Even the most vocal detractors of David Frankel’s “Hope Springs” must recognize the miracle of the film’s existence. This is a studio-funded production about the sex lives of old people that is neither an Oscar-hungry downer nor an outrageous farce. It approaches an issue that affects married couples over 40–hardly Hollywood’s target demographic–honestly and empathetically. Certainly, the participation of seasoned actors like Meryl Streep and Tommy Lee Jones helped secure the financing, but allow me to repeat: This is a movie about old people’s sex lives. That it’s playing in 2,400 theaters across the country is already a victory for audiences who would like to see more than just Transformers ripping each other apart.
The movie is unlikely to earn very many of the aforementioned detractors, however, because its wealth of positive qualities is undeniable. The list begins with Vanessa Taylor’s screenplay, which is equal parts insightful and intimate. Taylor’s premise finds the aging Kay (Streep) forcing her longtime husband Arnold (Jones), who sleeps in a separate bedroom and pays more attention to the Golf Channel than Kay, into a week of intensive marital counseling with a renowned psychiatrist (Steve Carell). This set-up could have lent itself to cheap jokes–obvious gags exaggerating Arnold’s old-fogey status or depicting Carrell’s psychiatrist as a new-age cartoon would have been easy to implement–but Taylor cares deeply about the characters and resists every temptation to trivialize them. “Hope Springs” seriously explores topics like the profound differences between men and women (especially of a sexual nature), the ways that marriage can be antithetical to intimacy, and how life routines become depressing.
That’s not to say that “Hope Springs” is extraordinarily cerebral or emotionally tasking in its depiction of very real marital problems. Director Frankel strikes a tone that is respective of its characters’ hardships while recognizing that they will almost certainly be resolved in the end — a dynamic which makes the audience more receptive to the movie’s themes because they are not presented with an alienating air of self-importance. In fact, there is even quite a bit of humor. Screenwriter Taylor may reject the opportunities for obnoxious jokes mentioned above, but she is nonetheless able to cultivate comedic relief that emerges organically from the dramatic situations. A scene that finds Kay attempting to fellate Arnold in a cinema lightens the mood considerably, mainly due to the shock of a movie depicting such a sexual transaction between oldsters, but it also functions as an authentic moment of emotional transformation for the characters. In spite of the serious issues that it tackles, “Hope Springs” could legitimately be classified as a romantic-comedy.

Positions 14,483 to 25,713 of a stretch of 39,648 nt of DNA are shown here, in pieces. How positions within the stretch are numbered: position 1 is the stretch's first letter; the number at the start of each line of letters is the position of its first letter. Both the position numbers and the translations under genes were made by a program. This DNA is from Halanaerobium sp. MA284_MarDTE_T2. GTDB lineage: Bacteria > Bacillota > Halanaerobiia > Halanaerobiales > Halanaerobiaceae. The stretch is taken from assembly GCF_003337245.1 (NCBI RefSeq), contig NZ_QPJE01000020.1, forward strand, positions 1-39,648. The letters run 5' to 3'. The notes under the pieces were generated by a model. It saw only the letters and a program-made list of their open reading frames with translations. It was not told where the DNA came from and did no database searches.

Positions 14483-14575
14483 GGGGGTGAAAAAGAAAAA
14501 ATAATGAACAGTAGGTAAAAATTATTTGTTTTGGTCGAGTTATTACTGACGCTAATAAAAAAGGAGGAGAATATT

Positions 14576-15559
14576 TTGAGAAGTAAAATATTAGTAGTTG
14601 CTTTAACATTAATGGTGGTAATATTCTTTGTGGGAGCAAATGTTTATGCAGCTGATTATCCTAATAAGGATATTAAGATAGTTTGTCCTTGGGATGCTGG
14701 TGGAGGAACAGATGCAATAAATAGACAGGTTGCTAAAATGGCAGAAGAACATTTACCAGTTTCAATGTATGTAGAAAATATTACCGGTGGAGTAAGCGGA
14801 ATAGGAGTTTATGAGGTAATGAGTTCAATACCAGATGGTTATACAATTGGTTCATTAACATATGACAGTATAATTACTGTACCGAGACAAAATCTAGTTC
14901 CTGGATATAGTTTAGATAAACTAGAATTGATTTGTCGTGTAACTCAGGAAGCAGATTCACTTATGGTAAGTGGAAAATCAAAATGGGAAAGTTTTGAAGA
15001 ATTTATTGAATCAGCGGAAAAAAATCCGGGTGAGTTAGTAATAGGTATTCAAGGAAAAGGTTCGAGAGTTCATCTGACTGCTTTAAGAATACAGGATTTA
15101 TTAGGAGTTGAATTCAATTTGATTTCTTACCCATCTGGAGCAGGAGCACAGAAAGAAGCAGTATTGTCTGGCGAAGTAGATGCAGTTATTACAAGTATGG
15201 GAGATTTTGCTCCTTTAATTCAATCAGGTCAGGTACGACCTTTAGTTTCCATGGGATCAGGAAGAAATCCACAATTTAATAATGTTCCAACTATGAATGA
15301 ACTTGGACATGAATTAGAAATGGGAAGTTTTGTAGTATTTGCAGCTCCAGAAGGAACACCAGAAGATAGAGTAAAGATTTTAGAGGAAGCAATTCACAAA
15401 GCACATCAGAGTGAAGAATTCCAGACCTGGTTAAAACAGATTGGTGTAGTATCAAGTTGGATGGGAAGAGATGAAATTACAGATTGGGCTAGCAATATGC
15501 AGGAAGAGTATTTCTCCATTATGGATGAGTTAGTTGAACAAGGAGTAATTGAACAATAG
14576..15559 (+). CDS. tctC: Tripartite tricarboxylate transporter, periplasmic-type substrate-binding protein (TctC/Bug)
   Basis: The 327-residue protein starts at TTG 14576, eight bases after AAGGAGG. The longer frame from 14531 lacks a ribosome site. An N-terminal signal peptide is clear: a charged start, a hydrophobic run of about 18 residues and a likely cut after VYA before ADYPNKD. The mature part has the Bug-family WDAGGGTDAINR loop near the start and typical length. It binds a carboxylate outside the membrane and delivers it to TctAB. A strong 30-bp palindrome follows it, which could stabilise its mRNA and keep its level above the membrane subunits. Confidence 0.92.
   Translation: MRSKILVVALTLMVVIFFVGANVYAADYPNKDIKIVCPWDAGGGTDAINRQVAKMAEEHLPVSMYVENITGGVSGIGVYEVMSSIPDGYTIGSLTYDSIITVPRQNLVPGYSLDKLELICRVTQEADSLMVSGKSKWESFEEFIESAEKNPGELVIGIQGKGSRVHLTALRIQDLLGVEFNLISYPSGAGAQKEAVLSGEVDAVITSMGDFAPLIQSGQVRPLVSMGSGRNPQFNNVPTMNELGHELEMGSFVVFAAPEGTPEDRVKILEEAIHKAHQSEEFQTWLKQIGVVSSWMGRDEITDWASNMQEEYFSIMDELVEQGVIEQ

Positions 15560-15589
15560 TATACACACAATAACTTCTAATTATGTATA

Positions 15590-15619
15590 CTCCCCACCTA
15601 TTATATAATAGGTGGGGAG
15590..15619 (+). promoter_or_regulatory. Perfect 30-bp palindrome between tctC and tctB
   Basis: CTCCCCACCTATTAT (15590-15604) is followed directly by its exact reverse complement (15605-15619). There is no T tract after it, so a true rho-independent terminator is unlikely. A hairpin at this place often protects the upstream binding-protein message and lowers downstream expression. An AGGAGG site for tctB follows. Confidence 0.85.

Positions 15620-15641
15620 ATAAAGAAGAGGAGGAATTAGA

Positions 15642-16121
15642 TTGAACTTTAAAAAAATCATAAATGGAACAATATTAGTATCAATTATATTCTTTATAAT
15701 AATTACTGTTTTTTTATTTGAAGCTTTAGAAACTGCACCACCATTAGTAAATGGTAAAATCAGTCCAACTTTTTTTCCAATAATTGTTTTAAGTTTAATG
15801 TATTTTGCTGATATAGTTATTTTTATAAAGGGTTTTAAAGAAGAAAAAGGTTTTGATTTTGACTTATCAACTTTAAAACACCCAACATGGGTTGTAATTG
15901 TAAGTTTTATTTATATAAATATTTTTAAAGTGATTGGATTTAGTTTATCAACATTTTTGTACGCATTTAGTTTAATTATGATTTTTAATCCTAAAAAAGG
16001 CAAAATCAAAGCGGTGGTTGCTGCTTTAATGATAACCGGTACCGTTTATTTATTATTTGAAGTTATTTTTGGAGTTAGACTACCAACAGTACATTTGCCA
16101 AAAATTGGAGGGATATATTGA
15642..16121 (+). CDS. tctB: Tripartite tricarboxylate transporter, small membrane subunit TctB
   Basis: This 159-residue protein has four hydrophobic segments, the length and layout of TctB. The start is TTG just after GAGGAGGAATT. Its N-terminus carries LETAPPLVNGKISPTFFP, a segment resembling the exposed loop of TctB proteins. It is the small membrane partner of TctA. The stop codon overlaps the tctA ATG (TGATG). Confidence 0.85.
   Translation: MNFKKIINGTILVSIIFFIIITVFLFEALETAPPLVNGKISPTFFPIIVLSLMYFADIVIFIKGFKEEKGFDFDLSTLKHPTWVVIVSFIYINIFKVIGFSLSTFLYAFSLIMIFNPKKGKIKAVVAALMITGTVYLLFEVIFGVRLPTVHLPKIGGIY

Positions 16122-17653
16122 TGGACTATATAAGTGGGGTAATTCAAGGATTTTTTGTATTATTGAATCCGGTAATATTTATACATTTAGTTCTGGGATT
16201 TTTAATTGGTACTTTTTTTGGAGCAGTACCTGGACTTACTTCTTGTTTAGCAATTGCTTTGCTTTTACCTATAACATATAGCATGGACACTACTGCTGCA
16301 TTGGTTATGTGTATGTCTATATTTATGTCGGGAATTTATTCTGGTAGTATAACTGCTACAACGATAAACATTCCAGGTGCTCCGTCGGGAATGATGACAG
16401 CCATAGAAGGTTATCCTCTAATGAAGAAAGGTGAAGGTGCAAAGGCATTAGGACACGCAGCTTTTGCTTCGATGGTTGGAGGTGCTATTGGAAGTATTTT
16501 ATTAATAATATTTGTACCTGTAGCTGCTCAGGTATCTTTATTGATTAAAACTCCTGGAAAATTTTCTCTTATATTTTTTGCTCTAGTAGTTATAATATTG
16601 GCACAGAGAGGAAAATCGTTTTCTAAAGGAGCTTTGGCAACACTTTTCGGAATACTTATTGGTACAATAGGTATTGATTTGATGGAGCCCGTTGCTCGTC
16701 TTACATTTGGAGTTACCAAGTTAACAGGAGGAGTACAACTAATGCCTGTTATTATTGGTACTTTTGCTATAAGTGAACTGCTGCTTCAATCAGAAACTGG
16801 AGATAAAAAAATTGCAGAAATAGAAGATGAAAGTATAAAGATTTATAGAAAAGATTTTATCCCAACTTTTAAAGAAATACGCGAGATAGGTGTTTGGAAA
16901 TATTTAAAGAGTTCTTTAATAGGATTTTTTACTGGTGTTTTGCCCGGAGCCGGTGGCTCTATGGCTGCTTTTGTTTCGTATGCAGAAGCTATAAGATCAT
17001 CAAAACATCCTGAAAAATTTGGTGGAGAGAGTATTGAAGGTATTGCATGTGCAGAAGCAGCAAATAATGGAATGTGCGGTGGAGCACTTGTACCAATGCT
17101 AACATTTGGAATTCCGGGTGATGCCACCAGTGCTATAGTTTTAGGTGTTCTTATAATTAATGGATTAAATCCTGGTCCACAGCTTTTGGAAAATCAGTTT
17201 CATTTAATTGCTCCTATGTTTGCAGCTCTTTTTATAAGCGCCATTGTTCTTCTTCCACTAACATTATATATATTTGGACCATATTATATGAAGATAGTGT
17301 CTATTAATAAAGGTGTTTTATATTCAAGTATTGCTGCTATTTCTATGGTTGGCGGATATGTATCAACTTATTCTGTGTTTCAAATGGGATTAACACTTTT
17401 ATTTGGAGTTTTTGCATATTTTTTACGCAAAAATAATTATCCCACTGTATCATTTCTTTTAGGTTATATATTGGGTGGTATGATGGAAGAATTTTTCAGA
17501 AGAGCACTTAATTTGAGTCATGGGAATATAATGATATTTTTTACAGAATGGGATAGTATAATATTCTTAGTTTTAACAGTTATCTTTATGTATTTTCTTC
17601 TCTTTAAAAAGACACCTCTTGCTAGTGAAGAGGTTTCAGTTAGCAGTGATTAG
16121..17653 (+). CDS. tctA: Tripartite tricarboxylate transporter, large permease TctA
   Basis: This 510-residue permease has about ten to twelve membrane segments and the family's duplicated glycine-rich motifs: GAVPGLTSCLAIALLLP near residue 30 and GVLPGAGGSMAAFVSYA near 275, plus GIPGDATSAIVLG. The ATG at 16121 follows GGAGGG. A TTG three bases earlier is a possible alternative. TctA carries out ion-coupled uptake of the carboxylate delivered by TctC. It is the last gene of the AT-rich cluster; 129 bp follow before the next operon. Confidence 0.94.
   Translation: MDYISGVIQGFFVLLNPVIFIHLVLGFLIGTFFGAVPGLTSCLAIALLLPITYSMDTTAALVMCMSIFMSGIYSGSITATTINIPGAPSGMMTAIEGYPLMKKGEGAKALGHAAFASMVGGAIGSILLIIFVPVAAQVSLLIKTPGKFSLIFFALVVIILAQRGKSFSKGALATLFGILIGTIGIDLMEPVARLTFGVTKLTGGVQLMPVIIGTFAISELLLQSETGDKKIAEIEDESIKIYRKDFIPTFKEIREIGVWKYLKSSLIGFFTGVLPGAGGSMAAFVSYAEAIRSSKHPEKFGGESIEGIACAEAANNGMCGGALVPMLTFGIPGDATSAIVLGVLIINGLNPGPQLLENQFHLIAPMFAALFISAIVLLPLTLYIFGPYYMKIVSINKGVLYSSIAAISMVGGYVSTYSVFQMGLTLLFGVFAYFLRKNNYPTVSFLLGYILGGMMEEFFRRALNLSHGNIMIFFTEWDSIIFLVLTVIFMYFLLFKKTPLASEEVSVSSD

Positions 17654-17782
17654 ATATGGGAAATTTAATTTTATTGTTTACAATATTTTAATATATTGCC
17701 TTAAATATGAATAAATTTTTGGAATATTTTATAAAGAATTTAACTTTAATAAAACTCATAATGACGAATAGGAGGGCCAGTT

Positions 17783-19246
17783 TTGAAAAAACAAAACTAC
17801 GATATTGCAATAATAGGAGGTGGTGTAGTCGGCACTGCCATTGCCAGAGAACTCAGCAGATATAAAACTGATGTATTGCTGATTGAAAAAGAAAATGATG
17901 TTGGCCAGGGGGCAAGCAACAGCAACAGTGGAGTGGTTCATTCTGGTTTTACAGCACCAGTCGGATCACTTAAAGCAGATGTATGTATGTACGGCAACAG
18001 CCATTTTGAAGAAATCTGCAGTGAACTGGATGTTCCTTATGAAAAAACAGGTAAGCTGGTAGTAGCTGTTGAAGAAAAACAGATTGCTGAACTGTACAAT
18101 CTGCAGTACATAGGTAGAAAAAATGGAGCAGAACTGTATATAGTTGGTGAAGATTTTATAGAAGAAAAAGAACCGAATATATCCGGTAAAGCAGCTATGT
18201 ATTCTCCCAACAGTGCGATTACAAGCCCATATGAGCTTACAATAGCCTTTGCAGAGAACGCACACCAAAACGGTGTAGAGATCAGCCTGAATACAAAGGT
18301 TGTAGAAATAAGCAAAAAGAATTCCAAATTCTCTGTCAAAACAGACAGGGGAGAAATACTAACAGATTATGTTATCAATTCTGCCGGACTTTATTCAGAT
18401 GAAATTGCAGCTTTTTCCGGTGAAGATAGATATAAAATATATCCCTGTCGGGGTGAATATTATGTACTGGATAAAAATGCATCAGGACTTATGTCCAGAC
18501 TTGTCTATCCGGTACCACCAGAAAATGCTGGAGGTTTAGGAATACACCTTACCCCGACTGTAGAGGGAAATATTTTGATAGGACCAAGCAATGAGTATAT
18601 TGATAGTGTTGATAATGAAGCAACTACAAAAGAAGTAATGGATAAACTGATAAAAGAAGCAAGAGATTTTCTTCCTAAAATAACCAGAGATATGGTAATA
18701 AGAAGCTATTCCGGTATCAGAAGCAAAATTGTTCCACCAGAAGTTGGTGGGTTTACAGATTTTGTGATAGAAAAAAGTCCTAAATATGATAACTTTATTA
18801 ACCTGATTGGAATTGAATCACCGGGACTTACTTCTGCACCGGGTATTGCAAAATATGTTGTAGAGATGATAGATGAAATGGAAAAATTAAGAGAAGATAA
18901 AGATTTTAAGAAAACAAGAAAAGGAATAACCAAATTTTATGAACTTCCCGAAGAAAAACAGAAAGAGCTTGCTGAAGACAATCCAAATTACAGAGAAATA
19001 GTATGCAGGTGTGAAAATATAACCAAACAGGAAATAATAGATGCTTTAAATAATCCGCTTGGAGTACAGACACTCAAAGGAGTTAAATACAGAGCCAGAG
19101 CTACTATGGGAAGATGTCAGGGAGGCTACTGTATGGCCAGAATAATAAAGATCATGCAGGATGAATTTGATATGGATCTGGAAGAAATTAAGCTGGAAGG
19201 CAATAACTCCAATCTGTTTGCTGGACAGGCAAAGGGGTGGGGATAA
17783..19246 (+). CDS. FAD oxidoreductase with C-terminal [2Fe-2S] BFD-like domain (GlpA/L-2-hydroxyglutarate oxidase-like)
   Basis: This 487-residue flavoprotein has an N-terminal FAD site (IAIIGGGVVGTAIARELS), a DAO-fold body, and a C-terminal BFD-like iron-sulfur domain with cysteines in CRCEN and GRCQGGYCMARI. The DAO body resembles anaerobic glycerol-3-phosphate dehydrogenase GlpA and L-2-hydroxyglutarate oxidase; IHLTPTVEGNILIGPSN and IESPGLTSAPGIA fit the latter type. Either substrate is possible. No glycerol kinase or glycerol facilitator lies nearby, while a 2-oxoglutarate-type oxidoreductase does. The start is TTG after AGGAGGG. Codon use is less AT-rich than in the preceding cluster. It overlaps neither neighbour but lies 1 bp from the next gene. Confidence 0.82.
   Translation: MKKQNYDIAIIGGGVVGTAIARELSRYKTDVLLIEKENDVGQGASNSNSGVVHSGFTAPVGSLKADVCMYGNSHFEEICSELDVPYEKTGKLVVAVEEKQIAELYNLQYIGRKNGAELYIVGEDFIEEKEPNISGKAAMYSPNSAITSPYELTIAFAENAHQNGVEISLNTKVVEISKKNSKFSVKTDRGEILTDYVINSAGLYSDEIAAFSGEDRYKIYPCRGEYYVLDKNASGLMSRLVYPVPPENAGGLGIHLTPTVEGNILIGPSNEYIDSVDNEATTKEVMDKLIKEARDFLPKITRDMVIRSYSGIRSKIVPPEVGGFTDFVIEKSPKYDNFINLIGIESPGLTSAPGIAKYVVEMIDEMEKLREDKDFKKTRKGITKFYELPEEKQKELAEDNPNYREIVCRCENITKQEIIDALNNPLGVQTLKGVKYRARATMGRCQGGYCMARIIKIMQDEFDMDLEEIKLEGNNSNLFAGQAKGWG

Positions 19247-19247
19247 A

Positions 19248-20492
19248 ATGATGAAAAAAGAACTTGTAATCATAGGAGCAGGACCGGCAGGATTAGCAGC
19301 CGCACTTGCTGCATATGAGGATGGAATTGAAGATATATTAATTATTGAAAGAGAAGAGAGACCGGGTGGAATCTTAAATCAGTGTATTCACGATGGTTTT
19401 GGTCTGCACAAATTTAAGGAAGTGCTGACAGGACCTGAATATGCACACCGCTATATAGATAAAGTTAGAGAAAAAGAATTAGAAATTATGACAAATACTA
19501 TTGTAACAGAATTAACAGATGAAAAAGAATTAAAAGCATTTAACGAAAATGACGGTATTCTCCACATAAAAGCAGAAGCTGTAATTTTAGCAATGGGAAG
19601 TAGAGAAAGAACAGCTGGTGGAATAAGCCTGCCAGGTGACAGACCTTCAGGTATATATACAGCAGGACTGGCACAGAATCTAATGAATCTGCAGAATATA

Needless to say, the performances are excellent. Even though “Hope Springs” is far from the Oscar-bait that Streep is known for appearing in, she delivers what may be her best performance of the New Millennium. Streep demonstrates an uncanny ability to find subtle character nuances in every situation that, like the script, say things both about Kay herself and about the way that women approach romantic relationships in general. Equally skillfully, Jones is able to ensure that Arnold never becomes the villain of the film — no small task given that “Hope Springs” is told from Kay’s emotional POV and was made with the female viewer in mind. And Steve Carell completely disappears into his crucial supporting role, mastering the affectations of a therapist so perfectly that he could probably start a successful practice in real-life with no further training.
“Hope Springs” may seem a little sleepy to certain viewers, but that’s merely a reaction to the fact that it is decidedly different from any other movie to have come out of Hollywood in recent years. The film operates on its own terms, and provided one willingly adjusts, the slower pace and quiet introspection of the characters become soothing. Perhaps the film would have achieved even greater resonance had it been more critical of its characters–particularly Carell’s Dr. Feld, who is depicted as no less than a savior to marriages everywhere–but Frankel and Taylor’s ability to keep their material as commercial as possible, without sacrificing its core messages, is part of their success. Not only is “Hope Springs” a substantive cinematic achievement unto itself, it’s also a bold symbol of the fact that mass appeal films don’t have to be lowest-common-denominator films.